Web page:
Bethlem Royal Hospital

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Bethlem Royal Hospital

The world’s first institution for the insane (popularly known as Bedlam), Bethlem began in 1247 as a priory for the Order of the Star of Bethlehem, from whence its name. It became a hospital in 1337 and began admitting the mentally ill in 1357; some time thereafter, due to dialectic, its name became known as Bedlam.

Bedlam was notorious for the brutal treatment of its inmates; treatment consisted of restraint well into the 19th century. Outpatients were allowed to come and go and licensed to beg; particularly active inpatients were kept from wandering the halls by manacling or chaining them to the floors or walls. They were first dignified with the label of patient in 1700 and parsed into curable and incurable wards in the 1730s; they also provided a source of entertainment for the locals—for a penny, one could go to Bedlam and stare at the patients.

In 1815, Bedlam was moved into more substantial facilities at St George’s Fields, complete with a library, ballroom and windows. It was moved again in 1930 to a London suburb, with the Imperial War Museum taking over the St George’s Fields site.
References in periodicals archive ?
The author offers an articulate summary of the contested place of Bethlem Hospital in Renaissance England, and of the contested concept of "charity" in a Protestant society.
According to Foucault, the containment and display of madmen in Bethlem Hospital mark an unfortunate shift toward the Great Confinement, in which the mad are no longer allowed to wander freely and "easily" as they did in the Middle Ages.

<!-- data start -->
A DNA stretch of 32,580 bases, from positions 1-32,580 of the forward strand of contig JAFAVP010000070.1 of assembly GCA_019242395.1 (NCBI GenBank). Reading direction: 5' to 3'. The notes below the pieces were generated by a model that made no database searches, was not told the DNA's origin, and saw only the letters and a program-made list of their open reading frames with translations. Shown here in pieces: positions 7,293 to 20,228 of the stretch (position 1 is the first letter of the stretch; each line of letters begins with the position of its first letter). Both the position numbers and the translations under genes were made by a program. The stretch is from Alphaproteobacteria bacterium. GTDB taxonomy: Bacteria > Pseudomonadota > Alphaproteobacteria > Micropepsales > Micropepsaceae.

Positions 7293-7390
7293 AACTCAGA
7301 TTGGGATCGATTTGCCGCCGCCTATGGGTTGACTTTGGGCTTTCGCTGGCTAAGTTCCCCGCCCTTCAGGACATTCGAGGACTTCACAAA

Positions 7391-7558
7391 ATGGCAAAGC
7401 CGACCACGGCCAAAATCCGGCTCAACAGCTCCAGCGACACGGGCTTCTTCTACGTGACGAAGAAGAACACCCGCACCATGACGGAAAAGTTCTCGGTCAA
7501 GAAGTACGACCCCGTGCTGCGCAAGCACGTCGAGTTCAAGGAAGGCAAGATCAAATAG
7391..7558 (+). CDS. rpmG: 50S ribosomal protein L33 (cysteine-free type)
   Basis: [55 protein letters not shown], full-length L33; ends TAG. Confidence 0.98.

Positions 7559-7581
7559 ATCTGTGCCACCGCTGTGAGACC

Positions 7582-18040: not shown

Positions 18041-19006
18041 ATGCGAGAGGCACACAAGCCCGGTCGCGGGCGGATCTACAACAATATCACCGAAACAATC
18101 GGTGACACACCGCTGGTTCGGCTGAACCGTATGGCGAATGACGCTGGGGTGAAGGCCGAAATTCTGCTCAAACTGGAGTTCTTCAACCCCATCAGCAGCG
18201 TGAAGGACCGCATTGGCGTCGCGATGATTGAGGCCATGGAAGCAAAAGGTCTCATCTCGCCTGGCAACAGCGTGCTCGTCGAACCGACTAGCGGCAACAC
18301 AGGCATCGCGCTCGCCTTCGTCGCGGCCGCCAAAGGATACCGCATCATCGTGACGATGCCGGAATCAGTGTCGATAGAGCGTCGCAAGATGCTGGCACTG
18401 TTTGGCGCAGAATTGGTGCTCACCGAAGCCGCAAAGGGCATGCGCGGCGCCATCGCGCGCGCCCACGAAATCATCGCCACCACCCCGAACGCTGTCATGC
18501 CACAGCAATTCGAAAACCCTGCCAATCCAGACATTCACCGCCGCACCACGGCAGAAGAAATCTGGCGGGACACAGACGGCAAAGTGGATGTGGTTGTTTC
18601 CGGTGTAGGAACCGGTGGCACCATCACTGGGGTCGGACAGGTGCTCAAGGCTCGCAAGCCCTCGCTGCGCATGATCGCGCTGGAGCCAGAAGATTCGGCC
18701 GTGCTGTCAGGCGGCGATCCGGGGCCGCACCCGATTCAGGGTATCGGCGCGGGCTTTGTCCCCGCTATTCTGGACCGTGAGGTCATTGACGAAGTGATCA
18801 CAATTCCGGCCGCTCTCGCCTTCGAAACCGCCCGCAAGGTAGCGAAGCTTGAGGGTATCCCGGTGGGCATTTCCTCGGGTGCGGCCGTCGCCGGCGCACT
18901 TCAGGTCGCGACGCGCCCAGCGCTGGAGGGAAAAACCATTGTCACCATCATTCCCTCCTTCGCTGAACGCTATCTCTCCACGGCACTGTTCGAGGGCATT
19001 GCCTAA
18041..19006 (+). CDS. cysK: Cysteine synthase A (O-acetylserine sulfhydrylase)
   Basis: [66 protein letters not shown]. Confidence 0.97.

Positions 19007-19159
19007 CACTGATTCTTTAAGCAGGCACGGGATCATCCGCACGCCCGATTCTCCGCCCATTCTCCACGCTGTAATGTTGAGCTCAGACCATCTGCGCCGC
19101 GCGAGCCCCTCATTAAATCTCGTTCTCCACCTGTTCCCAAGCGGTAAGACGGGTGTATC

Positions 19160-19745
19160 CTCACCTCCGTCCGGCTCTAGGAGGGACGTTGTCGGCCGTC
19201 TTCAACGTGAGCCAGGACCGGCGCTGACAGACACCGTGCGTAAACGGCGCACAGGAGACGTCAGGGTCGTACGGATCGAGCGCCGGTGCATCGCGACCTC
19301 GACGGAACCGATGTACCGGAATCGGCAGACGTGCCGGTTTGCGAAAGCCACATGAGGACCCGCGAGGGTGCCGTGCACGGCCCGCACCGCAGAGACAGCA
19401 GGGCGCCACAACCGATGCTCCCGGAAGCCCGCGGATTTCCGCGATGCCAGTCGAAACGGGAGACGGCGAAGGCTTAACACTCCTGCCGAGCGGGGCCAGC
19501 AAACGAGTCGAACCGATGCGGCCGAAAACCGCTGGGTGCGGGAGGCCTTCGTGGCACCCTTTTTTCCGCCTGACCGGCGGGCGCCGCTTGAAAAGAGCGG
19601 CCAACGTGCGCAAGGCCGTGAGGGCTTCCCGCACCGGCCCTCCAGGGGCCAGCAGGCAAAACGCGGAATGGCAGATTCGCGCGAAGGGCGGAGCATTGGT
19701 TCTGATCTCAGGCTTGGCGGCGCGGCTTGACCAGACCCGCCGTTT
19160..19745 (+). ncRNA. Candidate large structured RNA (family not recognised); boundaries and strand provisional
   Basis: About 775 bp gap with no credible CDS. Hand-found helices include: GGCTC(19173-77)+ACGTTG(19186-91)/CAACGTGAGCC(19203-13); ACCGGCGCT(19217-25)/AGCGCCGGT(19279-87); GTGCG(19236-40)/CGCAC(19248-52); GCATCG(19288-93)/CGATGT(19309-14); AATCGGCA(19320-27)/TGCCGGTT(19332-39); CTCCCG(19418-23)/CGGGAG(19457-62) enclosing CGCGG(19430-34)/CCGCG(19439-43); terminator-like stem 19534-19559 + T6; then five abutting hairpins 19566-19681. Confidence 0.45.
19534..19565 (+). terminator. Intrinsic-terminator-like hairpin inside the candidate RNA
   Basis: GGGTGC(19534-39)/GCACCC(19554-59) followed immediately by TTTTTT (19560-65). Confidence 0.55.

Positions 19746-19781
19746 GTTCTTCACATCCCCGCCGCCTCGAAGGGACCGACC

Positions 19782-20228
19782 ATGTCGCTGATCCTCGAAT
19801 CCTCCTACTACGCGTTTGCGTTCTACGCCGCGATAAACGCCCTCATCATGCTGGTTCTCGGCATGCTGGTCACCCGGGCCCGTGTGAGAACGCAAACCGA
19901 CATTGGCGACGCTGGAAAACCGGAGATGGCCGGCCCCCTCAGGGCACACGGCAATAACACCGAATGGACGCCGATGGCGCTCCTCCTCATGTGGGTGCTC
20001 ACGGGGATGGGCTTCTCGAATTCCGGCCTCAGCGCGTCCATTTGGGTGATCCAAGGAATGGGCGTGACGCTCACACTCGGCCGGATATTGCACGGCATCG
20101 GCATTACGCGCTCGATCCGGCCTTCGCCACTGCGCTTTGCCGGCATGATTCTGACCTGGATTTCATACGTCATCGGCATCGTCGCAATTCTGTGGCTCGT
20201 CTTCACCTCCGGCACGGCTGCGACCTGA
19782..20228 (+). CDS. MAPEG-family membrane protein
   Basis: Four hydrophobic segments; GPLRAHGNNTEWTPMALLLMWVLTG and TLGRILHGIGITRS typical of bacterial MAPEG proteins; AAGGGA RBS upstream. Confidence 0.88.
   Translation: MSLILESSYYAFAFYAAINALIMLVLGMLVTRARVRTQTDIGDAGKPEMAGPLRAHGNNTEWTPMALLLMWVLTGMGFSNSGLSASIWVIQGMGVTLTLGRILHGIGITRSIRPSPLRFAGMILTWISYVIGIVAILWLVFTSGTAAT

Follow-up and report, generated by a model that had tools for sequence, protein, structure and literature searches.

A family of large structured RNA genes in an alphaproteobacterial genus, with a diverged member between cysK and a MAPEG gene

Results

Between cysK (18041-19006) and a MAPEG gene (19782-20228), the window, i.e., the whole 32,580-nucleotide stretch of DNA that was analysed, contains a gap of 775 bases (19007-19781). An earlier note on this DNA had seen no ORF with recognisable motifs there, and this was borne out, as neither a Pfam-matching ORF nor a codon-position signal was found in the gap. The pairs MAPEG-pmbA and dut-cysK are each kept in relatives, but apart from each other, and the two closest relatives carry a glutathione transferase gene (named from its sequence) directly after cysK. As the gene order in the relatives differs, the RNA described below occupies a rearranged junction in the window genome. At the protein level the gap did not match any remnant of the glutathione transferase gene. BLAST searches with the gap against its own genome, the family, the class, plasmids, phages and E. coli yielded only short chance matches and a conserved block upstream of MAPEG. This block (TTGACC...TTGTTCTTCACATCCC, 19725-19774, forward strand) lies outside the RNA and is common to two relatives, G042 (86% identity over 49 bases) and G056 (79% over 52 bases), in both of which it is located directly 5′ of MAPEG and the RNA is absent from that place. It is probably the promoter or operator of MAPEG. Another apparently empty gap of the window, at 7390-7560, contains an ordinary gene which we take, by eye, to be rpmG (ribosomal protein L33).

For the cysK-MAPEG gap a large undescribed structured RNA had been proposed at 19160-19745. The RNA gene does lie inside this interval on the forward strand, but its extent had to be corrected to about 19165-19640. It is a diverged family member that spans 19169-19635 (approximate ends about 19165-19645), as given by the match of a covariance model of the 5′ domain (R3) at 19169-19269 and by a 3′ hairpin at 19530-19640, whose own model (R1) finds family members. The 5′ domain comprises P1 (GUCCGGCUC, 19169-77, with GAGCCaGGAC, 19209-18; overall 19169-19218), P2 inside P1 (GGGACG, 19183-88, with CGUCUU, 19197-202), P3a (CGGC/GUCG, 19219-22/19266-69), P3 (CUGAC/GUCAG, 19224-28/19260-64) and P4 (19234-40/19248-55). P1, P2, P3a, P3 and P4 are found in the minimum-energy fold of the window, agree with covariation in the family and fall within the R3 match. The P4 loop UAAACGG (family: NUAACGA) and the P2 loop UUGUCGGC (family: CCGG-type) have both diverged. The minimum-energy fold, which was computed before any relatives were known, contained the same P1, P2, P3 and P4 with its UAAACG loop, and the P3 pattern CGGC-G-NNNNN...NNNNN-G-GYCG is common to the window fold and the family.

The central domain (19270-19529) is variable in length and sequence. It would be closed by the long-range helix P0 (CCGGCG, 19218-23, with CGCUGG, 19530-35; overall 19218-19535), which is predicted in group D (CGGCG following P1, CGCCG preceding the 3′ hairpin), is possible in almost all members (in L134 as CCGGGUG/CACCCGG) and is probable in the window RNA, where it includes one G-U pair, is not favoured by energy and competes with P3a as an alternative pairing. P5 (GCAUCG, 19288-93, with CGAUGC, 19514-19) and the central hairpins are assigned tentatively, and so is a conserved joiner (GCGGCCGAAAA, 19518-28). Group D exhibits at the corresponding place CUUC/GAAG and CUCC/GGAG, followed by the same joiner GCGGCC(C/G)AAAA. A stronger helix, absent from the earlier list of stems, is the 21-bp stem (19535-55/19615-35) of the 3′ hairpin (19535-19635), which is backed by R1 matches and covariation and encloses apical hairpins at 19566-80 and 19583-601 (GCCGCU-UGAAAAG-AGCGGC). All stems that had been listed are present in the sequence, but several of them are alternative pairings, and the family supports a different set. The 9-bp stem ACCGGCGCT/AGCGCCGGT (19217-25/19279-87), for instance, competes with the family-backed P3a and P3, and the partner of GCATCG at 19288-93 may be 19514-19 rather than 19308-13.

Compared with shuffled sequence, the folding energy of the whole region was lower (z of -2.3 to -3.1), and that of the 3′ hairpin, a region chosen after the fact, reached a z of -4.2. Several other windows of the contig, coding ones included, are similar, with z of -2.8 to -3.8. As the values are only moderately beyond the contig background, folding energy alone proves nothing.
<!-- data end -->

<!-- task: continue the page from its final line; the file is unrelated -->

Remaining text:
The troubling use of Bethlem Hospital as a backdrop in the harmonic closing scene of this and other Renaissance comedies makes sudden and perfect sense in light of Jackson's charitable view of the institution.
Surviving records about Bethlem hospital support the short-term nature of treatment but do not provide clear evidence of compassion.
The paintings are loaned out by the Royal Bethlem Hospital in Beckenham, south London.
Dunbar received his medical degree in 1972 from London University, with honors in Pharmacology, and completed internships at Guys Hospital Group, Princess Alexandra Hospital and Maudsley & Bethlem Hospital, all in the U.
2] For information on Bethlem Hospital and its cultural significance in the period see Pat Rogers, Hacks and Dunces: Pope, Swift and Grub Street (London: Methuen, 1980), especially pp.
Jonathan Andrews joins in this revisionist assault, arguing that the physicians of Bethlem Hospital for lunatics - long the standard example of a custodial institution mired in traditionalism - were "not always so far behind contemporary therapeutics as historians have been led to believe" (p.
This entry, read closely, seems unlikely to refer to Bethlem Hospital at all" (200-201).